Martyrdom

John Foxe, from Acts and Monuments

In the 1540s, Henry VIII sought to return the English church to a doctrinally Catholic position, and Protestants were subjected to persecution. The outspoken Protestant Anne Askew, possibly denounced to the authorities by her estranged husband, was called in for questioning in 1545; the next year, she was tortured and burned at the stake. Askew's accounts of her two examinations were smuggled out of England and published in Germany by the reformer John Bale (1546–1547). The texts were later incorporated into John Foxe's Acts and Monuments (1563), better known as Foxe's Book of Martyrs. (For Foxe's account of the execution of Lady Jane Grey, see NAEL 8, 1.674.) Foxe's book, which in its final form recorded the persecution of English Christians from Roman Times to the reign of Mary Tudor, had an enormous influence on English Protestantism and on England's sense of itself as a nation. In 1570 the government ordered that Foxe's Acts be placed with the Bible in all cathedral churches.

The theological controversies over the eucharist, for which Askew and her companions along with many other Protestants and Catholics were willing to lay down their lives, require some explanation. Catholic doctrine held that sacraments properly performed were independent of the spiritual condition either of the priest or of the worshipper. Hence, for example, if the formula of consecration of the bread and wine was correctly spoken by an properly ordained priest, the miraculous transubstantiation of the Host into the body and blood of Christ would occur, whether or not the priest or the communicant was in a state of grace. Indeed, some Catholic theologians argued, since the bread had objectively been transformed into the body of God, even a mouse, nibbling on a consecrated host, would be receiving Christ's flesh. Protestants argued that the efficacy of certain key religious sacraments, including the Lord's Supper, depended on the spiritual state of the minister and the congregant. An evil priest, in such a conception, not only would be damning himself (as Catholics also believed) but would be turning the Lord's Supper into the Devil's Supper.

[The First Examination of Anne Askew]

To satisfy your expectation, good people (sayeth she), this was my first examination in the year of our Lord 1545, and in the month of March. First Christopher Dare examined me at Saddlers' Hall, >> note 1 being one of the quest, >> note 2 and asked if I did not believe that the sacrament hanging over the altar >> note 3 was the very body of Christ really. Then I demanded this question of him: wherefore Saint Stephen was stoned to death. And he said he could not tell. Then I answered that no more would I assoil >> note 4 his vain question.

Secondly, he said that there was a woman which did testify that I should read >> note 5 how God was not in temples made with hands. Then I showed him the seventh and the seventeenth chapters of the Acts of the Apostles, what Stephen and Paul had said therein. Whereupon he asked me how I took >> note 6 those sentences. I answered that I would not throw pearls among swine, >> note 7 for acorns were good enough.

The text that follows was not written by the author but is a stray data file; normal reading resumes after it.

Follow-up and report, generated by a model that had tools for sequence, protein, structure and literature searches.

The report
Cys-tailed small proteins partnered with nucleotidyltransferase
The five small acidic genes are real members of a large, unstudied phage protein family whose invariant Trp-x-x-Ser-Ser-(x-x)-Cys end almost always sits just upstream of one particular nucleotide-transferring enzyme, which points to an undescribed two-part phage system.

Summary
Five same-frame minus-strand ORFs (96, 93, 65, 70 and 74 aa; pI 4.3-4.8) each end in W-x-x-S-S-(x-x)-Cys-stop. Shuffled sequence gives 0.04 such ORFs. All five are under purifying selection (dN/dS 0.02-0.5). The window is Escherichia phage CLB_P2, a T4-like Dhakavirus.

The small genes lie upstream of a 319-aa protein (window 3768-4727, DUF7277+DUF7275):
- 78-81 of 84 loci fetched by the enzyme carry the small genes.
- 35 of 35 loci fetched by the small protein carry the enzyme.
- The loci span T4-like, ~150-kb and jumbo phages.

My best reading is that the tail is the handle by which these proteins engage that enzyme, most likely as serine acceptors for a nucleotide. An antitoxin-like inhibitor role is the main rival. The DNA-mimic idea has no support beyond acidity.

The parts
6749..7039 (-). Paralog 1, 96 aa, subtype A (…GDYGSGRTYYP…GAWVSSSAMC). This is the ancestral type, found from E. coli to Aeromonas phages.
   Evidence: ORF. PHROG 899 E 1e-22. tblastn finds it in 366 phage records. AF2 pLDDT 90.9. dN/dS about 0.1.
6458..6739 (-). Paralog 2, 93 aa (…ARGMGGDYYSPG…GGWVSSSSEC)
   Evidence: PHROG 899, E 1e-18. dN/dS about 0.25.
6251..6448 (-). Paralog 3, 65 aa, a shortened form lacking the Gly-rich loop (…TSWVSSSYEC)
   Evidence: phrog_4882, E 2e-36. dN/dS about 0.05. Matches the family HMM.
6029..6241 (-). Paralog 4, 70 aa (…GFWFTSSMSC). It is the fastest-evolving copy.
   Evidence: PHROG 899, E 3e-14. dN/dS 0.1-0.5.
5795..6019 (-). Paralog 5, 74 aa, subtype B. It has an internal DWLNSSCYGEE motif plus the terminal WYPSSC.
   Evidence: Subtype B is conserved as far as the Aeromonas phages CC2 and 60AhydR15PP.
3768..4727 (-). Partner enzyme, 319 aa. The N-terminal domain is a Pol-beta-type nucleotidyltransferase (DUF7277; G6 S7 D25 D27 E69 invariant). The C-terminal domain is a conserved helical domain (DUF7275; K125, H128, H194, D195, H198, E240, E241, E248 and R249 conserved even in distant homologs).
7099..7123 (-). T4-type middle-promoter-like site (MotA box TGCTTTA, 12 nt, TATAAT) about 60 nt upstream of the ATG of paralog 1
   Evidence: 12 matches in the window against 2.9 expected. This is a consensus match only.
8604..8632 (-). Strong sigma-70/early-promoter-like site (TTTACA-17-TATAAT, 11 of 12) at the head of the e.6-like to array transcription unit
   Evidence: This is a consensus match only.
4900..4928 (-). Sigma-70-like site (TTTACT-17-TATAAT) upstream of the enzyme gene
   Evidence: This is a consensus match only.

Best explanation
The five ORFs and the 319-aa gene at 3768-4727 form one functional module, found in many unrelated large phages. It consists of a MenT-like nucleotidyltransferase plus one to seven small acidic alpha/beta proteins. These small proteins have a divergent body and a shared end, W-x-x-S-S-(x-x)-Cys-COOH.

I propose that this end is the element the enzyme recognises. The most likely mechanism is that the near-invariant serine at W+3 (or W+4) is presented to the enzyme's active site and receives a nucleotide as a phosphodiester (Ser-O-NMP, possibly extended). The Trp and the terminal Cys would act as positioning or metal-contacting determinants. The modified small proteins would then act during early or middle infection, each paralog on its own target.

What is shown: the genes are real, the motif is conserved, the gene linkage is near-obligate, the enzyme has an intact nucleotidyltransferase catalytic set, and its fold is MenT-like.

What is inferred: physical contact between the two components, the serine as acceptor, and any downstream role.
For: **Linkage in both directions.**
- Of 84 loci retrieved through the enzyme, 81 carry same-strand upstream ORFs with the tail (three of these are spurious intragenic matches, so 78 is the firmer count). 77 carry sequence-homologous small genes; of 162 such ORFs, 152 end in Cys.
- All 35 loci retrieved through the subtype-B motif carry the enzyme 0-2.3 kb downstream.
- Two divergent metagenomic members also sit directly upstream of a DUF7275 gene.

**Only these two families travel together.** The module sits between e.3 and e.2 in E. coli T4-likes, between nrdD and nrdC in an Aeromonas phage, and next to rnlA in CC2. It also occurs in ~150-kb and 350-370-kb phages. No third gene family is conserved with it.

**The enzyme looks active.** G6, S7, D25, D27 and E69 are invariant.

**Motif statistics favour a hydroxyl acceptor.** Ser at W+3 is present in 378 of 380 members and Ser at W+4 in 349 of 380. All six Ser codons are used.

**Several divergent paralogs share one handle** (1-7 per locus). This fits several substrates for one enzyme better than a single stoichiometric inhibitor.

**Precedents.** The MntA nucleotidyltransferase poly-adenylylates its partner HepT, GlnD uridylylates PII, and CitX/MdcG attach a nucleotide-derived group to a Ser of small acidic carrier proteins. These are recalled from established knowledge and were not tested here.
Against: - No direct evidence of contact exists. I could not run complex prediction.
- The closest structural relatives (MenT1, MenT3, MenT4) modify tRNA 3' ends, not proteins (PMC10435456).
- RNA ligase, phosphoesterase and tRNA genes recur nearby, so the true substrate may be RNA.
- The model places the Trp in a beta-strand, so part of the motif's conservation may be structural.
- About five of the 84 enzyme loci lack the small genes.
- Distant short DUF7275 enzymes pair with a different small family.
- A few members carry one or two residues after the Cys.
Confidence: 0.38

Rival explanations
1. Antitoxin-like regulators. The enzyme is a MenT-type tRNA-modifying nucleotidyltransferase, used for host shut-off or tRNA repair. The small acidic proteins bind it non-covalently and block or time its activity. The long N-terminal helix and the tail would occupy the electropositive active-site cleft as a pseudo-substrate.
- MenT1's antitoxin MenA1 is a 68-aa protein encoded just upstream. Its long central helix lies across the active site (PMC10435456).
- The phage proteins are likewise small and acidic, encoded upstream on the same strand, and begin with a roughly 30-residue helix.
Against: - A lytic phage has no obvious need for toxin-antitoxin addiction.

Thirdly, he asked me wherefore I said that I had rather to read five lines in the Bible, than to hear five masses in the temple. I confessed that I said no less. Not for the dispraise of either the Epistle or Gospel, but because the one did greatly edify me, and the other nothing at all. As Saint Paul doth witness in the 14th chapter of his first Epistle to the Corinthians, where as he doth say: "If the trumpet giveth an uncertain sound, who will prepare himself to the battle?"

Fourthly, he laid unto my charge that I should say: "If an ill >> note 8 priest ministered, it was the Devil and not God." My answer was that I never spake such thing. But this was my saying: "That whatsoever he were which ministered unto me, his ill conditions could not hurt my faith, but in spirit I received nevertheless the body and blood of Christ." He asked me what I said concerning confession. I answered him my meaning, which was as Saint James sayeth, that every man ought to knowledge >> note 9 his faults to other, and the one to pray for the other.

Sixthly, he asked me what I said to the king's book. >> note 10 And I answered him that I could say nothing to it, because I never saw it.

Seventhly, he asked me if I had the spirit of God in me. I answered if I had not, I was but reprobate or cast away. Then he said he had sent for a priest to examine me, which was there at hand. The priest asked me what I said to the sacrament of the altar. >> note 11 And required much to know therein my meaning. But I desired him again to hold me excused concerning that matter. None other answer would I make him, because I perceived him a papist. >> note 12